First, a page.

Important note: This information should not be construed as legal or tax advice. Always consult a qualified attorney, tax professional, or business consultant regarding your particular situation.

Next time: Tips on outsourcing accounting and tax work.

1 Comment

  • Avatar
    Shalini Posted October 6, 2012 11:39 pm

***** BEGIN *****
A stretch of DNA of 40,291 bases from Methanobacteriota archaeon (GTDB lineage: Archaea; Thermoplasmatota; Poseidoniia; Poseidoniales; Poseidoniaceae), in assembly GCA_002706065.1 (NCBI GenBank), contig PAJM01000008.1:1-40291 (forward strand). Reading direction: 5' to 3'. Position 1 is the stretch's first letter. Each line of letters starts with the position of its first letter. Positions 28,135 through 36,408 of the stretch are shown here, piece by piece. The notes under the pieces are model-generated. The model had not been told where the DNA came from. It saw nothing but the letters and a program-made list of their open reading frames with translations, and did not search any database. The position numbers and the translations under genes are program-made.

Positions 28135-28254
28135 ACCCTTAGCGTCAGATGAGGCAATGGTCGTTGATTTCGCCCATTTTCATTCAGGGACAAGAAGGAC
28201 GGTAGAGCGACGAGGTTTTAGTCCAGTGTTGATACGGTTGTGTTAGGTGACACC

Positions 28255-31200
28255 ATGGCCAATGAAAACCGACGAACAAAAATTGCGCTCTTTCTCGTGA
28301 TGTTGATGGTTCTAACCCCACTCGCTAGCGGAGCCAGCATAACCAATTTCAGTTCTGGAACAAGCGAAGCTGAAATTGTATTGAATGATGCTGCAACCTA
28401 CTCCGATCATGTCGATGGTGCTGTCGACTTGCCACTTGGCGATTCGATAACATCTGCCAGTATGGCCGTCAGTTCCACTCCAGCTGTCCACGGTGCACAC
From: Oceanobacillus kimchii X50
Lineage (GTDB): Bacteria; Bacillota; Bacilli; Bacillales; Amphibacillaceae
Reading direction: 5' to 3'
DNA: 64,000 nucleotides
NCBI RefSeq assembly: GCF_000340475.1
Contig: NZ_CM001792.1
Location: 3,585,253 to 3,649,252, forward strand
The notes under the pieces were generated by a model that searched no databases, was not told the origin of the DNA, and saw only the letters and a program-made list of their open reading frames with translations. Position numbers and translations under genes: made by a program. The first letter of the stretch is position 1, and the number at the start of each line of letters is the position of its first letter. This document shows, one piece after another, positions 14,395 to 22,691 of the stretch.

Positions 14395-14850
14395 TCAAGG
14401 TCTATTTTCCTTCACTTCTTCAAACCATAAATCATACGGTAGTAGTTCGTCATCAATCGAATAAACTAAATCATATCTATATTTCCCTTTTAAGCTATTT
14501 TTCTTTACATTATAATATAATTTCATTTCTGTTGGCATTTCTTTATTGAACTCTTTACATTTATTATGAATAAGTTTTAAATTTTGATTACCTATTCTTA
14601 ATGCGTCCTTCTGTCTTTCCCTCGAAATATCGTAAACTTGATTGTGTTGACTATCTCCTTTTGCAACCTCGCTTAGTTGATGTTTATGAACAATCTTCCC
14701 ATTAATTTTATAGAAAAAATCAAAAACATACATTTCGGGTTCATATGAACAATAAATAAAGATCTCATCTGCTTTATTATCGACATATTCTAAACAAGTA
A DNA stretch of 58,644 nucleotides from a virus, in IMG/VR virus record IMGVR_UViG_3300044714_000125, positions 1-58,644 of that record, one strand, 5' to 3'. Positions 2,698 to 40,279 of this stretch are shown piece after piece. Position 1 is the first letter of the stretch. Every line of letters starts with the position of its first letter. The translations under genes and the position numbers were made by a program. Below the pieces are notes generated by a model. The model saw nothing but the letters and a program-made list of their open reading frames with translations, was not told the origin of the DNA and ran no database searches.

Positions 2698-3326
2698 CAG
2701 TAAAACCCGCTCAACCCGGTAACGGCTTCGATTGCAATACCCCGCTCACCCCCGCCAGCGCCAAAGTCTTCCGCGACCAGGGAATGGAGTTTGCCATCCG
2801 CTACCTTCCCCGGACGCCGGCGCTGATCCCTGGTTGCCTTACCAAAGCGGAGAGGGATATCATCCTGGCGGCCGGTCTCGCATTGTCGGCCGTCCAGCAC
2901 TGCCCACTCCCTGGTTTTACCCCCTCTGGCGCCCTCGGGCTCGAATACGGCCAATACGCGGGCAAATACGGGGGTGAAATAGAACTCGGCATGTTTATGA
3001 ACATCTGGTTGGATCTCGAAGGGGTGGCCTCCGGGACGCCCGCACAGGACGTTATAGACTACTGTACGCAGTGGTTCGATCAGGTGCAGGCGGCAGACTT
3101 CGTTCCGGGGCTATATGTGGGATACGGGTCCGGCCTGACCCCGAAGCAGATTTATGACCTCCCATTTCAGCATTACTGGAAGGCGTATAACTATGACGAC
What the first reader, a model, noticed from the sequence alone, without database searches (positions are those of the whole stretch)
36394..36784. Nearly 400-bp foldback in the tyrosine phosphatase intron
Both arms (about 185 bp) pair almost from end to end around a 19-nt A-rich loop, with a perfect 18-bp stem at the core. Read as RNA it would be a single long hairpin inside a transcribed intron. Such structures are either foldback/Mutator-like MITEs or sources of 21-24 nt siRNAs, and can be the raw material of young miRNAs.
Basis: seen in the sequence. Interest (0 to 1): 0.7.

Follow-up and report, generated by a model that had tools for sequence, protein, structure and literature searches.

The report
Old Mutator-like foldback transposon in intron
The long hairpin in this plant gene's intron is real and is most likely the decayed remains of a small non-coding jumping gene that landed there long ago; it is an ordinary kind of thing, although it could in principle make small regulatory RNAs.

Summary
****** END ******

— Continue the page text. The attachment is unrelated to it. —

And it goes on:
, the film’s thesis (as I urtsnedand it) is pretty dead-on. I have worked in corporations large and small, including some of the world’s most powerful ones, and at an executive level from which I was afforded a view beyond the cubes and right into the Board room and the CEO’s office. And corporations are no different than bake sales, bowling leagues, or church congregations in that they are made up of just plain folks at all levels (yes, even at the executive level) at about the same frequency you’d find in any other assemblage of human beings: a few are very, very good, a few are very, very bad, and the great majority are neither, but are instead just regular folks, a little good, a little bad, mostly neither and just trying to get along/go along.But take that standard distribution of human nature and stir it up in the corporate rendering pot and here I’m talking corporations where big money is in play and the result is almost always pathological. The bad actors will generally rise to the top the sociopaths, the compulsive liars, the @ss-kissers, the amoral. This is so because short-term success is the only thing that is rewarded by shareholders, and thus by the CEO, and thus by the execs, and thus by the managers . And the quickest, surest route to short-term success, throughout all of human history, is to be the biggest SOB on the block. Let’s face it: it works. In rare instances you can advance by being smarter, more creative, more insightful than everybody else (I like to think that’s how I rose through the ranks, anyway), but there is a distinct glass ceiling to that aapproach. Really smart, really constructive guys are really not welcome at the top, whaich is the SOBs’ Club.As a necessary consequence, the organization as a whole takes on an amoral character with a thin moral veneer just enough to keep us out of the paper, not enough to be an inconvenience. In that environment, good people swallow theirmorals every day, because getting fired is scary it is a Little Death for most folks. You have kids to feed, a mortgage to pay; you can’t afford to rock the boat. You’ve signed a bargain with the devil. Only very infrequently do people actually say take this job and shove it . Mostly they keep their heads down and their mouths shut the attitude which has enabled every evil the world has ever known.So, yeah, overall I’d have to agree. It really makes very little (if any) difference how good a person you are. Once you’ve bought into the systemyour soul pretty much belongs to the system, and it ain’t pretty.As for me, earlier this year I finally said I ain’t gonna work on Maggie’s farm no more. And I couldn’t be happier. Re-discovering my moral self is really exciting, and heartening.ub.